So far as the Khedive is concerned, he has about as much to say in the direction of the government as the child Emperor of China had before the revolution put a president in his stead. Not only is Abbas Hilmi surrounded by English secretaries and advisers, without whose permission he may scarcely change his mind, but he is compelled to yield to England even in choosing the members of his ministry, the one or two attempts [Pg 117] which he has made to assert his right to independence of action in this respect having been met by England with a military demonstration in the streets of his capital which was not abated until the office was filled by an Egyptian satisfactory to the British Consul-General.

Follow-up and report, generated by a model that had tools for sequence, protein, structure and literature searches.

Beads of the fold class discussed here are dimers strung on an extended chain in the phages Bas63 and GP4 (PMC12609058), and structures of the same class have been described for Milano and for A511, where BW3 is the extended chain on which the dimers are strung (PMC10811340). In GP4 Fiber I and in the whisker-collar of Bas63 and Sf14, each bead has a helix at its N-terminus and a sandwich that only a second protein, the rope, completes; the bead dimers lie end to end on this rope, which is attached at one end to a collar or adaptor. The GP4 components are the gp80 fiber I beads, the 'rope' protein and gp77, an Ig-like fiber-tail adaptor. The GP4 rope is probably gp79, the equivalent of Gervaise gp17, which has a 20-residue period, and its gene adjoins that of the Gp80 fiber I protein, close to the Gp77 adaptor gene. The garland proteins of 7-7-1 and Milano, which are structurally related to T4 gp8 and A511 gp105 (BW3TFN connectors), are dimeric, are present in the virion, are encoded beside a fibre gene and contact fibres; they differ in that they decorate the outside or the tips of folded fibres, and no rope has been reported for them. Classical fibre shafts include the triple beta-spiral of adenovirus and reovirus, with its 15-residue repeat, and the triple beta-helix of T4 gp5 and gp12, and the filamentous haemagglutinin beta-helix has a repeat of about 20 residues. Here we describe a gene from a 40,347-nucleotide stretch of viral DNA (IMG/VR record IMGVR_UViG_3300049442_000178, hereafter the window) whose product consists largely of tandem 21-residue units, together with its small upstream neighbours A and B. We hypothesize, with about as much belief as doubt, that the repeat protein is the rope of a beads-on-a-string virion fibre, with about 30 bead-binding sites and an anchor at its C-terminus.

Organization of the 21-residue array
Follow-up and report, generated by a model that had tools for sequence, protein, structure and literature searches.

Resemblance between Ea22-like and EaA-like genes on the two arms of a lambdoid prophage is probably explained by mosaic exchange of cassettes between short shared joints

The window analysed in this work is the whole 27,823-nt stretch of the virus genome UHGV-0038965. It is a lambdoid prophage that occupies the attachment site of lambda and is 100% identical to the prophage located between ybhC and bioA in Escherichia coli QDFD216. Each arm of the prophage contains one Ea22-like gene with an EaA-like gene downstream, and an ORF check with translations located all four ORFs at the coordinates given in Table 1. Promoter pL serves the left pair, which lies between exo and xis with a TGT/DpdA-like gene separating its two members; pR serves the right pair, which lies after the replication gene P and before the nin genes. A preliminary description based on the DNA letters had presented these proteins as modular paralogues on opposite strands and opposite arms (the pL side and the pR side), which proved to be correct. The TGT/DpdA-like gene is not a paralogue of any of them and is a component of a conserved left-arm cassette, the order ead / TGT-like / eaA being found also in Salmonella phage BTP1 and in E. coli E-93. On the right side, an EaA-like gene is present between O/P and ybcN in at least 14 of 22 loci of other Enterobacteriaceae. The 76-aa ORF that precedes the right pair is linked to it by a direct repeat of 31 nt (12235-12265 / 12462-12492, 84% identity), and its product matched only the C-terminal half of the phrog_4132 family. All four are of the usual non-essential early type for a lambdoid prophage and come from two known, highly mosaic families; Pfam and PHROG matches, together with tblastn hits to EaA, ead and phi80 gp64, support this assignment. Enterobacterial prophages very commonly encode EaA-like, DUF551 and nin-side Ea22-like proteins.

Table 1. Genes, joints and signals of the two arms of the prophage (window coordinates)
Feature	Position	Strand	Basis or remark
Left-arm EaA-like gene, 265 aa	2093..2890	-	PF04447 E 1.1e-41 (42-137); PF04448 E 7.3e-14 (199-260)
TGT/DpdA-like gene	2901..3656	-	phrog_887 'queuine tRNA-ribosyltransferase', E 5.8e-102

Some years ago, when that grim old statesman, Lord Cromer, was still deus ex machina in Egypt, the Khedive, emboldened by the rapid spread of the Nationalist movement, which has for its slogan “Egypt for the Egyptians!” flatly declined to give a cabinet portfolio to a certain Egyptian politician whose appointment had been urged by the British Consul-General and who was notoriously a British tool. The following morning Lord Cromer drove to the Abdin Palace and demanded an audience with the Khedive. There were no euphemisms employed in the interview which ensued.

“I have come to obtain your Highness's signature to this decree,” announced Lord Cromer, in the blunt and aggressive manner so characteristic of him.

“Suppose, my lord,” the Khedive asked quietly, “that I decline to make an appointment which is not for the good of Egypt—what then?”